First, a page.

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Program Notes for Rachmaninoff's Rhapsody

Feb 25 & 27


CONRAD TAO pianist
MAY FESTIVAL CHORUS Robert Porco, director


orch. Respighi


Cinq Études-tableaux
La mer et les mouettes (The Sea and the Seagulls)
       Marche funèbre (Funeral March)
       Le Chaperon rouge et le loup (Little Red Riding Hood and the Wolf)
       Marche (March)




Rhapsody on a Theme of Paganini for Piano and Orchestra, Op. 43






The Bells, Op. 35
Allegro, ma non tanto
       Lento lugubre



Cinq Études-tableaux

Timing: approx. 25 min.
Instrumentation: 3 flutes (incl. piccolo), 2 oboes, English horn, 2 clarinets, bass clarinet, 2 bassoons, contrabassoon, 4 horns, 3 trumpets, 3 trombones, tuba, timpani, cymbals a2, tambourine, triangle, field drum, glockenspiel, bass drum, tam-tam, chimes, strings


The CSO has performed this work on three previous subscription weekends, including the premiere in March of 1932, Eugene Goossens conducting, and the most recent in November of 2006, Gianandrea Noseda conducting. 

Rachmaninoff was born on April2, 1873 in Oneg, in the Novgorod district of Russia; he died on March28, 1943 in Beverly Hills, California. Respighi was born on July9, 1879 in Bologna; he died on April18, 1936 in Rome. Rachmaninoff composed the first of the five Études-tableaux in 1917; the second is dated August17, 1911; the third was composed in 1917; the fourth was written on September8, 1911 and revised on September27, 1916; the fifth was composed on February 2, 1917. He first played the second of these pieces in Saint Petersburg on December5, 1911; he premiered the others on November29, 1917 in Petrograd. Respighi orchestrated the set in January1930. Serge Koussevitzky conducted the first orchestral performance with the Boston Symphony Orchestra in Brooklyn, New York, in December 1931.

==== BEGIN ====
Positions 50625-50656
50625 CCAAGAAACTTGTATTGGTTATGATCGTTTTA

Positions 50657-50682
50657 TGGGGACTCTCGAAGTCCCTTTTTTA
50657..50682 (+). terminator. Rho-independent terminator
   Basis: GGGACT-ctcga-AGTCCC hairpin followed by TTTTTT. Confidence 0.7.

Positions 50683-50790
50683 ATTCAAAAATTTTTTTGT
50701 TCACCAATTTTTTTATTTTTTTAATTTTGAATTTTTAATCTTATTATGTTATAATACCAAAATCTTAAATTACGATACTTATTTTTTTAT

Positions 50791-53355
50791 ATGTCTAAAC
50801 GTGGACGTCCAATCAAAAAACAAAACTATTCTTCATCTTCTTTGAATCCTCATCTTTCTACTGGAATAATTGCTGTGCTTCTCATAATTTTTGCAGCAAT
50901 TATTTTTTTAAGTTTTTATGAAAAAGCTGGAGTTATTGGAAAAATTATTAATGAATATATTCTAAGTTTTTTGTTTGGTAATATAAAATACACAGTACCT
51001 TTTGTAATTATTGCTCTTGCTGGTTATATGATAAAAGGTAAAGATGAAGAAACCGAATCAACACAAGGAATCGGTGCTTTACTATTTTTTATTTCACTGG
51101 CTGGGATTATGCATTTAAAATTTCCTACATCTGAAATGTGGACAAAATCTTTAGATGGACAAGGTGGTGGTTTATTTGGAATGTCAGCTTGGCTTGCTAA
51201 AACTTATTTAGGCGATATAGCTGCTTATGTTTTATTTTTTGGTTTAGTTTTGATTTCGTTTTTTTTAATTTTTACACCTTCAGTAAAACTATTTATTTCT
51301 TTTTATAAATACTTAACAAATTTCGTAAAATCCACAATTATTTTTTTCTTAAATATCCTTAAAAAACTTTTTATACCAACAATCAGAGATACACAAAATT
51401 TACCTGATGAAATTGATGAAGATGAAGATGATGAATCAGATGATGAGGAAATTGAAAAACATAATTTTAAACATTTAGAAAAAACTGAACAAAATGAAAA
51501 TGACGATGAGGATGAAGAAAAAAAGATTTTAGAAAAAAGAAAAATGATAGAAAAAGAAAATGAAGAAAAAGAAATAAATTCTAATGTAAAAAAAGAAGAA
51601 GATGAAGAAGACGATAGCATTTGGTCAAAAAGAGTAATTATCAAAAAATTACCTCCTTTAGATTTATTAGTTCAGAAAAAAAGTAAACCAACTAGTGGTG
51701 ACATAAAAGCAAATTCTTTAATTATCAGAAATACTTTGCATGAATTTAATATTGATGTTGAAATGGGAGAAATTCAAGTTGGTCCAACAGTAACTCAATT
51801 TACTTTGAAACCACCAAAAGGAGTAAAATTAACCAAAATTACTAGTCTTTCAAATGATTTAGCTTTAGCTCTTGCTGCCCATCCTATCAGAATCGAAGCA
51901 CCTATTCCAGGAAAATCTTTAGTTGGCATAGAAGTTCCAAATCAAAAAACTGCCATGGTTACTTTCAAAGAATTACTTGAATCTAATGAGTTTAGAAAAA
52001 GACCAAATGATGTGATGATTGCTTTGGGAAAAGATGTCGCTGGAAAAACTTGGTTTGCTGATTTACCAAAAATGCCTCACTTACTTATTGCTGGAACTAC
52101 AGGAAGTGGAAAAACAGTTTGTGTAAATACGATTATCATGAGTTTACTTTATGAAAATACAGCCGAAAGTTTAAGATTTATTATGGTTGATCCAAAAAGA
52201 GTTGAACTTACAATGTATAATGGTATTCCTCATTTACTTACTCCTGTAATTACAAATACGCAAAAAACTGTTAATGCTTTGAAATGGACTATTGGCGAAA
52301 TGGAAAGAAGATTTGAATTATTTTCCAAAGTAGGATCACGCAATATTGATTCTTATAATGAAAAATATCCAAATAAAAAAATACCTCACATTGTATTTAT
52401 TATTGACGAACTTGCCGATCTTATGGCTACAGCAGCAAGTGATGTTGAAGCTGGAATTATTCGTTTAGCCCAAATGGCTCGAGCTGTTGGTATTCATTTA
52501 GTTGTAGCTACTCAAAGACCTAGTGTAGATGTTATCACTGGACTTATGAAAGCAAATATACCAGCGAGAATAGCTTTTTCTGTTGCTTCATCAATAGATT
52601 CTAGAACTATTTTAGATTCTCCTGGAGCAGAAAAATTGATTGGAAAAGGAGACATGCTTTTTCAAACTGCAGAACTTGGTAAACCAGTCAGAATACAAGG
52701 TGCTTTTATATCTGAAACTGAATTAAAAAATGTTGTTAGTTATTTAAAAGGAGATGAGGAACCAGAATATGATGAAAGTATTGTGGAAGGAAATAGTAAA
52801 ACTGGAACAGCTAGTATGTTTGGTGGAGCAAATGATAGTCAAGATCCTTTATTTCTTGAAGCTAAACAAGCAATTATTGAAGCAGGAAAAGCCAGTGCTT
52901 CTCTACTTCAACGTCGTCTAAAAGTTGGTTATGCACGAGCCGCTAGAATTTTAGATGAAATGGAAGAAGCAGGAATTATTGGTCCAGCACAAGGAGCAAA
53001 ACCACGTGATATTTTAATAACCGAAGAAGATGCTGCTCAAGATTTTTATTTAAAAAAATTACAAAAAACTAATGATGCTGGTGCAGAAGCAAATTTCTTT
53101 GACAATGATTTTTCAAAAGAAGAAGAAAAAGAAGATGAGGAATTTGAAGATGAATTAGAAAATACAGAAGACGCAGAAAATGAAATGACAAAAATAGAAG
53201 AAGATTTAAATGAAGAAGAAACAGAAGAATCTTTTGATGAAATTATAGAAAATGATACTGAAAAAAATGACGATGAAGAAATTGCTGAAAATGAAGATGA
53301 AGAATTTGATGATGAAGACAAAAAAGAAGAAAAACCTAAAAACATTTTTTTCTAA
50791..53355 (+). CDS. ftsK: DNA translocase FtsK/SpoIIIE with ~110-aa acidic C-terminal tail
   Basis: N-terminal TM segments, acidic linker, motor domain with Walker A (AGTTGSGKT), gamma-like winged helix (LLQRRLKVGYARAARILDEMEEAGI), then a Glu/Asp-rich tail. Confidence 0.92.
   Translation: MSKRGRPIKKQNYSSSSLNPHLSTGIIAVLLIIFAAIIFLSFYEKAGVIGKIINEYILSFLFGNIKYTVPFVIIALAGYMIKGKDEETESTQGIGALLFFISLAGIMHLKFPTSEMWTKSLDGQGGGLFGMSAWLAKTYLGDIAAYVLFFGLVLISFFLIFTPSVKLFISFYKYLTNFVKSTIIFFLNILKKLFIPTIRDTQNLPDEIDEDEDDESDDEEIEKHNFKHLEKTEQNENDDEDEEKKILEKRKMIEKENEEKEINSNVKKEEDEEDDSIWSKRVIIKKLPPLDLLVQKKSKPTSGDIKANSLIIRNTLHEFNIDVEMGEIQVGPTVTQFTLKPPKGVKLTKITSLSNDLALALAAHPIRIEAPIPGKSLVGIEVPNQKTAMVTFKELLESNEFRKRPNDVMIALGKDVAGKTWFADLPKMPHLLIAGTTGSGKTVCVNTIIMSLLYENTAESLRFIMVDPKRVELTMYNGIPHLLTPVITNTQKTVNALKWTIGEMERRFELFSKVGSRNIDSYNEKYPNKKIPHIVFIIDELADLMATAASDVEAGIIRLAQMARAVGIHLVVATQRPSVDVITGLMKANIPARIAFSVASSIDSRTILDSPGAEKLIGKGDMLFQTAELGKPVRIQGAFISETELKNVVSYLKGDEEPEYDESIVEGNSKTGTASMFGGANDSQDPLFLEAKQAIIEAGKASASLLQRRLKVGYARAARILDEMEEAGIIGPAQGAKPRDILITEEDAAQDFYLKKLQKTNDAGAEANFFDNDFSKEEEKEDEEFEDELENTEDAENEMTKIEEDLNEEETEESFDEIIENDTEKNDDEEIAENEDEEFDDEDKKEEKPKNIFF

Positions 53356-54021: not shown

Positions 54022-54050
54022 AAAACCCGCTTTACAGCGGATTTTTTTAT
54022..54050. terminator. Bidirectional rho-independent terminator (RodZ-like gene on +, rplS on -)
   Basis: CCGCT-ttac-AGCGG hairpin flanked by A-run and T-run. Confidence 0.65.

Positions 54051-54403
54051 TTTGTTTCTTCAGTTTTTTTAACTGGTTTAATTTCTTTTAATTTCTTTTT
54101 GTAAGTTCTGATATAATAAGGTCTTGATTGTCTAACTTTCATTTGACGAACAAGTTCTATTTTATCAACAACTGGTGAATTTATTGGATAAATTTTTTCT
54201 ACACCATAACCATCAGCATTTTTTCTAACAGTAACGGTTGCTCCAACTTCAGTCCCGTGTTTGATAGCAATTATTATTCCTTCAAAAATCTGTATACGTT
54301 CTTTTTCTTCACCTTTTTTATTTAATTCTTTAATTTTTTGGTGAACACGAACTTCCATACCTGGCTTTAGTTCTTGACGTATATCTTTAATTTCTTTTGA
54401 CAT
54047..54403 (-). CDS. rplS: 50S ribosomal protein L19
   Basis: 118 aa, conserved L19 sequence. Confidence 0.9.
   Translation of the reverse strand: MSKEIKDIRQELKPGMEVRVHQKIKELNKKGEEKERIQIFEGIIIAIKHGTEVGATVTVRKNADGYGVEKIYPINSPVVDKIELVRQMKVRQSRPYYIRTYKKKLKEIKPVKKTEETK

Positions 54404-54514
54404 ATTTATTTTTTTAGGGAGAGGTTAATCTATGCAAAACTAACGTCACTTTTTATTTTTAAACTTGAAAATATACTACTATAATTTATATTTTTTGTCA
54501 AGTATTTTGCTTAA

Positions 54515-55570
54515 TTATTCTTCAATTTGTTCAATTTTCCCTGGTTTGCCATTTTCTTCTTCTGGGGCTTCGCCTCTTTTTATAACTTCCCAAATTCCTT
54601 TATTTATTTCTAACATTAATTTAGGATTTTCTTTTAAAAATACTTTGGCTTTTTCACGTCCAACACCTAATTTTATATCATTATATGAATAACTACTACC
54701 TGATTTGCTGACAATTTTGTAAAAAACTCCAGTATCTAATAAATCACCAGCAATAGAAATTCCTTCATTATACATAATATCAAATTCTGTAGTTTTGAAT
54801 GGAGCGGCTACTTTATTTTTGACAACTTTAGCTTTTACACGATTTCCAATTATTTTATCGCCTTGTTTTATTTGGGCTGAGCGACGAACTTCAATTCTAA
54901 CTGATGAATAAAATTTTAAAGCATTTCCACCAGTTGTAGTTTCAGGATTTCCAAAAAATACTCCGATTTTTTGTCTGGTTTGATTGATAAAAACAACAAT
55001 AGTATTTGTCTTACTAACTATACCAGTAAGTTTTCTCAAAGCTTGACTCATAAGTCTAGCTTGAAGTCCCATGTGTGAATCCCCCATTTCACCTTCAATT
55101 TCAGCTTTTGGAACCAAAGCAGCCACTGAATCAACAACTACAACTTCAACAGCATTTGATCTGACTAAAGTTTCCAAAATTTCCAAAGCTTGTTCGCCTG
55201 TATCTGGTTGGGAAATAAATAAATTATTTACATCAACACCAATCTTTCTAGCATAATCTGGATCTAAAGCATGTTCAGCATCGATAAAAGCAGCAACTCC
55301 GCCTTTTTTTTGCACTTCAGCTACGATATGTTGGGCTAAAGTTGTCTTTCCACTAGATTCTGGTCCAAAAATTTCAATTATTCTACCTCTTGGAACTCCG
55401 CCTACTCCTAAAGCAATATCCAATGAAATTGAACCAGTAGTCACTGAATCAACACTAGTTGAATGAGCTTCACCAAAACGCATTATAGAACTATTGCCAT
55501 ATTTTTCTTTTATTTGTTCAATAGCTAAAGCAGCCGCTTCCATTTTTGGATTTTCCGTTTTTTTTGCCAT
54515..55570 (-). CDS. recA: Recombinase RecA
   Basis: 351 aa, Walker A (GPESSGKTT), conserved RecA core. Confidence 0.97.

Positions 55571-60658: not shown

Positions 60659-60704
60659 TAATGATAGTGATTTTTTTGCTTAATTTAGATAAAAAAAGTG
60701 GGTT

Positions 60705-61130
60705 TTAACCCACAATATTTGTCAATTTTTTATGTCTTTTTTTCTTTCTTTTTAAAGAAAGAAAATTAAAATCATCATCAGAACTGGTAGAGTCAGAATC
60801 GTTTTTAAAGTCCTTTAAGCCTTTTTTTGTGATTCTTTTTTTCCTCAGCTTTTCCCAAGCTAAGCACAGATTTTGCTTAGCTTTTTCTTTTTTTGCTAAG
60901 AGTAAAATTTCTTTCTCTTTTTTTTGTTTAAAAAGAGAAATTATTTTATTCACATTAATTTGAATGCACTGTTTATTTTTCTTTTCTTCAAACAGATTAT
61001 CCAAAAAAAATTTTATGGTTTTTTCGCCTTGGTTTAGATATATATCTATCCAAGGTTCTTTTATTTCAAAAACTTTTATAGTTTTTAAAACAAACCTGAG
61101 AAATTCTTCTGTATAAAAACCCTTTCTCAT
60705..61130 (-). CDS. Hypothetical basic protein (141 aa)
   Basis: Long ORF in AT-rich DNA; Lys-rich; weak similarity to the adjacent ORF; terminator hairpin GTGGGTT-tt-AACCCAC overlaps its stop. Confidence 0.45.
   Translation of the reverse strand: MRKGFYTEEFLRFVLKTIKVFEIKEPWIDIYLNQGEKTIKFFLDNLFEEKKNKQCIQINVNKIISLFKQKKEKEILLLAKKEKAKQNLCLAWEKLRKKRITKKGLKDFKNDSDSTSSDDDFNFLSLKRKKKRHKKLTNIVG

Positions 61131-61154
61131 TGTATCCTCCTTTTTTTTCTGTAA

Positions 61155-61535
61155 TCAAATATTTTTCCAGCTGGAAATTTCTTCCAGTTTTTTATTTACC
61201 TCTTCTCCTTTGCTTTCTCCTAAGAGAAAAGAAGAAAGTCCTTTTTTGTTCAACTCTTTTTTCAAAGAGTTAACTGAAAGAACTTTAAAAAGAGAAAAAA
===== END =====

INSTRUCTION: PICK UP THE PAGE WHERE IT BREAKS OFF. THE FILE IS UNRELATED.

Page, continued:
Rachmaninoff, one of the great pianists of all times, composed a lot of music for his own instrument. In addition to the concertos and Rhapsody on a Theme of Paganini, often performed at these concerts, he composed numerous works for piano alone. Among these are two sets of pieces called Études-tableaux (“Study-Pictures”).